Current LCDs have gotten much better with the dead pixel/stuck on sub-pixel.
    It is still annoying to spend a decent chunk of change on a monitor and find out it is defective (stuck on red sub-pixel). It is even worse when the manufacturer says it is not defective enough to replace it!! :rolleyes:
    A dead pixel is when all three sub-pixels (red, green, blue) won't turn on.
    A stuck on sub-pixel is when one of the three colors is continuously lit.
    A stuck on red sub-pixel will show up as a tiny red dot. It will be most visible on black or dark blue backgrounds but practically invisible on white or lighter backgrounds. It is also harder to see on heavily textured background. Different manufacturers have different allowable dead pixel/stuck on sub-pixel policies. Some even say the defective sub-pixels have to be clustered a certain distance from each other before they call the monitor defective.

    When I bought one from a major retailer, I thought I was being smart. I paid for it then hooked it up right there in the store to check it out. Unfortunately, I did not attach the stand, so I had to balance it and did not give it as thorough a test as I should have. It looked good on the cursory inspection, but once I took it home, it had a stuck on red pixel. Here is what I will do next time.

    Attach the stand (bring a small stubby screw driver just in case) and hook it up to a computer right there in the store. Spend some quality time with it and let the monitor warm up. Next time I will make sure I spend about 30 minutes to make sure it has reached its normal operating temperature. Ask the clerk how to exit the store/demo/screensaver to get to the desktop. Send the clerk away so you don't feel pressured to hurry up. Change the resolution to the LCDs "native" resolution. On a 17" LCD, this should be 1280x1024 (remember the original res so you can switch it back). Change the desktop background from the shaded/textured to a solid black color (remember what desktop background they used so you can switch it back). Now look at every square inch of it very carefully. If you see a tiny red dot, that is a stuck on red sub-pixel. You can also change the desktop to white, red, blue, and green, but black will show you the most annoying defect, the stuck on red pixels. If it is very near the edge, then I would let it go, but if it was in normal working view, I would box it up and try another. Just say you don't like this one and want a different one. You don't have to say why, it just doesn't look right. If they give you trouble then get a refund and walk away.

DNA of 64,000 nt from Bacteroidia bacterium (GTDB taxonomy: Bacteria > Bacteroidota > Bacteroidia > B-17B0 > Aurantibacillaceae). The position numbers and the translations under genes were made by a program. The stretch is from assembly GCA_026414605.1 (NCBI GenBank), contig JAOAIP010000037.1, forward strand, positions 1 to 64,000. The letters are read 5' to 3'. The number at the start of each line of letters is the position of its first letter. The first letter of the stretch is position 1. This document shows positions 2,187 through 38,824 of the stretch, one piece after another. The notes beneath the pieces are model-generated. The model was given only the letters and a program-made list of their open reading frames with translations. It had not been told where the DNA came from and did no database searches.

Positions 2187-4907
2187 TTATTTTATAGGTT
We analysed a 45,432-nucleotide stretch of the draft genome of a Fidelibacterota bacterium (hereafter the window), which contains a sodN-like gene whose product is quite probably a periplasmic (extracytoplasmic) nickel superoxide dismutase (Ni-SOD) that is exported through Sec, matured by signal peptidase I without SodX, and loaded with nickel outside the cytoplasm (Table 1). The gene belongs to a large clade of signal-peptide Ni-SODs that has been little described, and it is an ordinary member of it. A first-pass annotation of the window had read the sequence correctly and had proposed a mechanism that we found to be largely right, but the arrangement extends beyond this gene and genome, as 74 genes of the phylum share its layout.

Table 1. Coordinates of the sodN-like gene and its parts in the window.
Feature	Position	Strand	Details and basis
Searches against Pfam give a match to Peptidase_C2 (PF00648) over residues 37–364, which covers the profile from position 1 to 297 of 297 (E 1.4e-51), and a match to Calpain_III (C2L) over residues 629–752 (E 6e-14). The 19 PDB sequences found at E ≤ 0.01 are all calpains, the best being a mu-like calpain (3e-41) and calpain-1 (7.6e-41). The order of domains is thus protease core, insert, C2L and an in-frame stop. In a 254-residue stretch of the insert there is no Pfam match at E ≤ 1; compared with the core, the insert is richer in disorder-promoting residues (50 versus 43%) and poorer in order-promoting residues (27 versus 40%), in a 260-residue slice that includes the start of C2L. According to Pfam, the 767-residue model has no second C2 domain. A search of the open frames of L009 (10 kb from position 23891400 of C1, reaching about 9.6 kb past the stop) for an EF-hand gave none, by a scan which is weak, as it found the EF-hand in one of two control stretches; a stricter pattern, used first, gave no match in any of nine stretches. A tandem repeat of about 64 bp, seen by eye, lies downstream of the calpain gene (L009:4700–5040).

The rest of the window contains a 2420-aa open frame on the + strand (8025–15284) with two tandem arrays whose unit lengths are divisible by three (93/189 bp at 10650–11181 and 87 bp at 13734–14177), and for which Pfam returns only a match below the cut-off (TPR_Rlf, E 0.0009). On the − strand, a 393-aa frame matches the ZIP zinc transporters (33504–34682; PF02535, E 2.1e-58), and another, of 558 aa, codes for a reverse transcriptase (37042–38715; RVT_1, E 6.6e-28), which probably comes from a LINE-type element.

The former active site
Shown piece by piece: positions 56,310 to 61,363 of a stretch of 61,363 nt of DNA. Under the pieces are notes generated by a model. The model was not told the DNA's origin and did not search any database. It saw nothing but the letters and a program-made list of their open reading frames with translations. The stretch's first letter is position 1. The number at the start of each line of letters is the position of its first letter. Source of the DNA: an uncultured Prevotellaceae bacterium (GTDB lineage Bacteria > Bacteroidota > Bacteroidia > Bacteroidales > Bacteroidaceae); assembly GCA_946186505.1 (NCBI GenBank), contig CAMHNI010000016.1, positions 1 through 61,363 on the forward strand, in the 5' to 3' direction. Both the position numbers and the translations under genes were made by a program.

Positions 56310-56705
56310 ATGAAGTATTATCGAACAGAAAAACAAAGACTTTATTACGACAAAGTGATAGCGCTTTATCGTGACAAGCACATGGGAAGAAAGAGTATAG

These are just my opinions, but I don't think they should allow these defective pixels/sub-pixels in a display. Sure it is difficult to make the displays perfect, but then they should sell them accordingly: Grade A, B, C and price them accordingly. Instead they try to hide the defects from consumers and have ridiculous warranty policies. I know some people won't notice the defects and some won't care, but I do. This is the biggest problem with LCDs and even with it, they are still much better than a CRT when you take it all into account.
  8. Pilli

    Pilli Registered Member

    Feb 13, 2002
    Hampshire UK
    Hi Dobar, IIyama is the one recommended in the PC Pro magazine in particular this one Same model number everywhere I believe.
    It has a fast response time and is very bright with good colour depth and is reasonably priced.

    Now would appear to be a good time to buy if you live in Europe as the EEC taxmen have deemed TFT monitors subject to import tax as they are now classed the same as TV's - This tax is 15% which willbe passed on to users. There is still a very slight chance that this may only effect 19" monitors due to pressure from the producers.

    Many of the larger manufacturers are rushing to set up production the the old Eastern European countries to get over this Tax hurdle.

    Cheers. Pilli